Talk, They Hear You — Including Paddington
January 23, 2015 | Falmouth Enterprise
Dr. Michael Bihari
I recently took my preteen grandchildren to see Paddington, a charming film adaptation of the children’s book and great family fare. However, even this movie exposed kids to an inappropriate scene about alcohol; to subdue a security guard, an elderly woman challenges him to drinking shots and they finish an entire bottle of whisky, rendering them both very drunk. The kids in the theater clearly thought it was funny. Needless to say, I did not and I used the sequence to talk to my grandkids about the dangers of binge drinking and my disapproval of how the scene was portrayed.
We should not lose sight of the fact that for kids less than age 18, alcohol is the most abused substance. And, our kids who go off to college are often faced with a culture of binge drinking. Research shows that parents are the #1 reason young people decide not to drink. So, start talking to your children about alcohol before they start drinking—as early as 9 years old. Even if it doesn’t seem like it, they really do hear you.
Talk, They Hear You is a campaign of the Substance Abuse and Mental Health Services Administration (SAMHSA) that helps parents and caregivers start talking to their children early—as early as 9 years old—about the dangers of alcohol.
The following information is from the SAMHSA, Talk, They Hear You campaign.
Short, frequent discussions can have a real impact on your child's decisions about alcohol.
Talking to your child at an early age about drinking is the first step toward keeping them alcohol-free. But as they enter junior high and high school, the pressure to try alcohol increases. It's important to continue the conversation throughout adolescence.
Talking often builds an open, trusting relationship with your child.
Children are more likely to avoid drinking when they have a strong, trusting relationship with their parents. Get into the habit of chatting with your child every day. It will make it easier to have serious conversations about things like alcohol, and will make your child more comfortable coming to you for advice.
Lots of little talks are more effective than one "big talk.”
Sitting down for the "big talk" about alcohol can be intimidating for both you and your child. Try using everyday opportunities to talk— in the car, during dinner, or while you and your child are watching TV. Having lots of little talks takes the pressure off trying to get all of the information out in one lengthy discussion, and your child will be less likely to tune you out.
When you do talk about alcohol, make your views and rules clear.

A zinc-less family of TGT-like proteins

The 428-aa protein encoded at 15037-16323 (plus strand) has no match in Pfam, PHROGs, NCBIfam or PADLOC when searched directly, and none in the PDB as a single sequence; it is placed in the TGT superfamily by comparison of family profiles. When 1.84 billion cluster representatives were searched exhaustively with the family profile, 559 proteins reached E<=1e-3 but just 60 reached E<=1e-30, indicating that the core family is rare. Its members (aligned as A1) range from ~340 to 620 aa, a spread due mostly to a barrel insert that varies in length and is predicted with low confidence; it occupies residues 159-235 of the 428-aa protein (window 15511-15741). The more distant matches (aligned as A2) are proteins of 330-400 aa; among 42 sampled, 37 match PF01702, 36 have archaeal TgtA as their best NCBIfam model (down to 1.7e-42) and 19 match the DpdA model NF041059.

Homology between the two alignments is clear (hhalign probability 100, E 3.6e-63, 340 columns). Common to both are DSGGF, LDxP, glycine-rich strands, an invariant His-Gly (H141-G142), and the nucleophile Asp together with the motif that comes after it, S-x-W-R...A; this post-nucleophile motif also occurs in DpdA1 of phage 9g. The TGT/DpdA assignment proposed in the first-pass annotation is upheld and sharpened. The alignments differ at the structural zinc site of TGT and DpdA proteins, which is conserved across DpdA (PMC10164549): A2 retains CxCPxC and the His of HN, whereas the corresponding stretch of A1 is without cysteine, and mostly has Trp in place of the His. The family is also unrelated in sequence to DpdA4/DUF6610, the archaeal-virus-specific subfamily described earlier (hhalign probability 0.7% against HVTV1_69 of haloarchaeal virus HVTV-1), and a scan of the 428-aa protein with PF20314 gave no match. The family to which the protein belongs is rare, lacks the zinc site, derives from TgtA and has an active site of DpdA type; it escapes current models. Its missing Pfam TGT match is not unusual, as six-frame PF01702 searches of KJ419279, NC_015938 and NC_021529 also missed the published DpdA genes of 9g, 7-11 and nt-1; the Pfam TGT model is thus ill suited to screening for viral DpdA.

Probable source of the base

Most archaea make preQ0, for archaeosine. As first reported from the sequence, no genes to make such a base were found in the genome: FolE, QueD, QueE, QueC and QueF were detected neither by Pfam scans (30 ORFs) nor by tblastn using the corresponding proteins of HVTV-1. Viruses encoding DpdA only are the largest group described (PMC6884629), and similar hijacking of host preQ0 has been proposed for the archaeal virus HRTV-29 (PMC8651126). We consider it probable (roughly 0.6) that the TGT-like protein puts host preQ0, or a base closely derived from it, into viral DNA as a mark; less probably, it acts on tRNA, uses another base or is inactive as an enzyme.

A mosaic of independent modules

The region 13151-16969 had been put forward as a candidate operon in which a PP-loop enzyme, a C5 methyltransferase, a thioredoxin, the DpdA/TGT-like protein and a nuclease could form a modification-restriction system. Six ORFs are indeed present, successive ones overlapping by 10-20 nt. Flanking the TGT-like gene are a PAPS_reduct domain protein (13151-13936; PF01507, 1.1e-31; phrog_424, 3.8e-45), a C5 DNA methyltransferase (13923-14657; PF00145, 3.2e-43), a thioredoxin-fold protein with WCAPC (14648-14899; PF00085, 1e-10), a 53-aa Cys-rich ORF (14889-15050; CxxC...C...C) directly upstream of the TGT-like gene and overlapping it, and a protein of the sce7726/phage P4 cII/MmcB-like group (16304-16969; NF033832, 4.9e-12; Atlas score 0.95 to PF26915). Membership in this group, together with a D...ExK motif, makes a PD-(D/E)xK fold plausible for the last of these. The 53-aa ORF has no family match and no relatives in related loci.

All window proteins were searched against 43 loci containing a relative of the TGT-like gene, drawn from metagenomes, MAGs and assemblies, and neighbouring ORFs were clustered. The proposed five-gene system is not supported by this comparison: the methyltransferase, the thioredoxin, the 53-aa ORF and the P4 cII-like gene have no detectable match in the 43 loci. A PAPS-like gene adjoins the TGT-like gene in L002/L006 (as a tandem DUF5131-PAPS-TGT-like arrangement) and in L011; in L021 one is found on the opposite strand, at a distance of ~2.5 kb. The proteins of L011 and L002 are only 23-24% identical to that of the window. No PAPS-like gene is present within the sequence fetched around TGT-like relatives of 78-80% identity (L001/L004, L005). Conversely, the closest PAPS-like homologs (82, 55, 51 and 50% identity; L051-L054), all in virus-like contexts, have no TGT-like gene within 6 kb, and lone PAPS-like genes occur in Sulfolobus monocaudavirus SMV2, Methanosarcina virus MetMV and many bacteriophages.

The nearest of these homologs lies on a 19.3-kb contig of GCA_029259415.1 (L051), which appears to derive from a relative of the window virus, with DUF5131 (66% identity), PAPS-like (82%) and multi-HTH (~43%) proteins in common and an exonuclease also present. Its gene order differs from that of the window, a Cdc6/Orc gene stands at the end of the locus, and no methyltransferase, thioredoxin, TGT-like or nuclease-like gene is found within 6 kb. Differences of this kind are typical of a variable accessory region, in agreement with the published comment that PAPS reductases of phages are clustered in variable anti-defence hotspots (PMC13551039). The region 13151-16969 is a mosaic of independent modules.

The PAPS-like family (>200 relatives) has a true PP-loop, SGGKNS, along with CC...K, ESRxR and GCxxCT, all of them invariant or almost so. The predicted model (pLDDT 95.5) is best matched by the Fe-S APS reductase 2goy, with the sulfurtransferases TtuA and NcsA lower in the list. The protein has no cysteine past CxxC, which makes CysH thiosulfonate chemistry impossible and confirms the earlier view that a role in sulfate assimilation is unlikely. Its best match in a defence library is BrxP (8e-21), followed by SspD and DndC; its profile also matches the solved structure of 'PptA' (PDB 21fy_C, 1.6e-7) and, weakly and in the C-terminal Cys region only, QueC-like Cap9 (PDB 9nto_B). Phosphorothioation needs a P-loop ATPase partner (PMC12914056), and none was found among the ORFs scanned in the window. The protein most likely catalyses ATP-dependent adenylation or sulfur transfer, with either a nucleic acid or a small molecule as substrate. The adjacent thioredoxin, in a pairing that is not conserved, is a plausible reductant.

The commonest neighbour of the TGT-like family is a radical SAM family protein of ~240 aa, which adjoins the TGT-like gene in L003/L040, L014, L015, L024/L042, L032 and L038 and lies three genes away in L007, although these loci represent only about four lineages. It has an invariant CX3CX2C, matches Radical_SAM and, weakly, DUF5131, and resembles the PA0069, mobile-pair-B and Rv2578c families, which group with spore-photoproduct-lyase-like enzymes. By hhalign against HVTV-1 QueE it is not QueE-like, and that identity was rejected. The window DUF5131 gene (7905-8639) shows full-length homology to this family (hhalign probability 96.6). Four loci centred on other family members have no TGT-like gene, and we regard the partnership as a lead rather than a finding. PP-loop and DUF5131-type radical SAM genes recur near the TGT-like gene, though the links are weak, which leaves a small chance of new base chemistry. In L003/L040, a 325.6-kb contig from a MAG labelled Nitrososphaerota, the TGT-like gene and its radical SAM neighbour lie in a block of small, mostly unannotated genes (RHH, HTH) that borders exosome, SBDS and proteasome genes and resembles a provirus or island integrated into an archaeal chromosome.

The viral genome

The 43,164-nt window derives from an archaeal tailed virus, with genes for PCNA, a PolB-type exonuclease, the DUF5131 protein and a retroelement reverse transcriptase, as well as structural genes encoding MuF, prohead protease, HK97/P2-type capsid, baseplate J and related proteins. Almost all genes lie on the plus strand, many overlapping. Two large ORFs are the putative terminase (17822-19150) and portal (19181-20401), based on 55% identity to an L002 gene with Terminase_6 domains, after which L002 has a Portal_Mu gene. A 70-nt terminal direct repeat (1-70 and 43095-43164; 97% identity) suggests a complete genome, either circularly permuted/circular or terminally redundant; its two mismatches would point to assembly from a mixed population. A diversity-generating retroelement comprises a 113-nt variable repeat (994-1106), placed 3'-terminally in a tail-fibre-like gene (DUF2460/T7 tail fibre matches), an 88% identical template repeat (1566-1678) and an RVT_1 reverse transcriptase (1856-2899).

Take the time to discuss your beliefs and opinions about alcohol with your child. Be honest and express a clear, consistent message that underage drinking is unacceptable. When they feel that you're being real and honest with them, they'll be more likely to respect your rules about underage drinking.
As children get older, the conversation changes.
What you say to a 9-year-old about alcohol is different from what you say to a 15-year-old. Children also can't learn all they need to know from a single discussion. Make sure that the information you offer your child fits their age. As they get older, you can give them more information and reinforce your rules.
Remember that the conversation goes both ways.
Although talking to your child about your thoughts about alcohol is essential, it's also important to hear their point of view. Give your child the opportunity to ask you questions, and listen to what they have to say. Children who have parents who listen to their feelings and concerns are more likely to say "no" to alcohol.
What you do is just as important as what you say.
In addition to talking often with your child about alcohol, it's important to set a good example. If you choose to drink, you can positively influence your child by drinking in moderation and NEVER driving when you've been drinking. Be aware of where you keep your alcohol, and always remind your child that the alcohol in your house is off-limits.
Most 6-year-olds know that alcohol is only for adults. Between the ages of 9 and 13, kids start to view alcohol differently. Many begin to think drinking is OK. Some even start to experiment. It is never too early to talk to your child about alcohol. About 10 percent of 12-year-olds say they have tried alcohol. By age 15, that number jumps to 50 percent. The sooner you talk to your children about alcohol, the greater chance you have of influencing their decision not to drink.
What you say to your child about alcohol is up to you. But remember, parents who do not discourage underage drinking may have an indirect influence on their children’s alcohol use.
Underage Drinking: Information from the National Library of Medicine
Kids and Alcohol: Information for parents from KidsHealth.org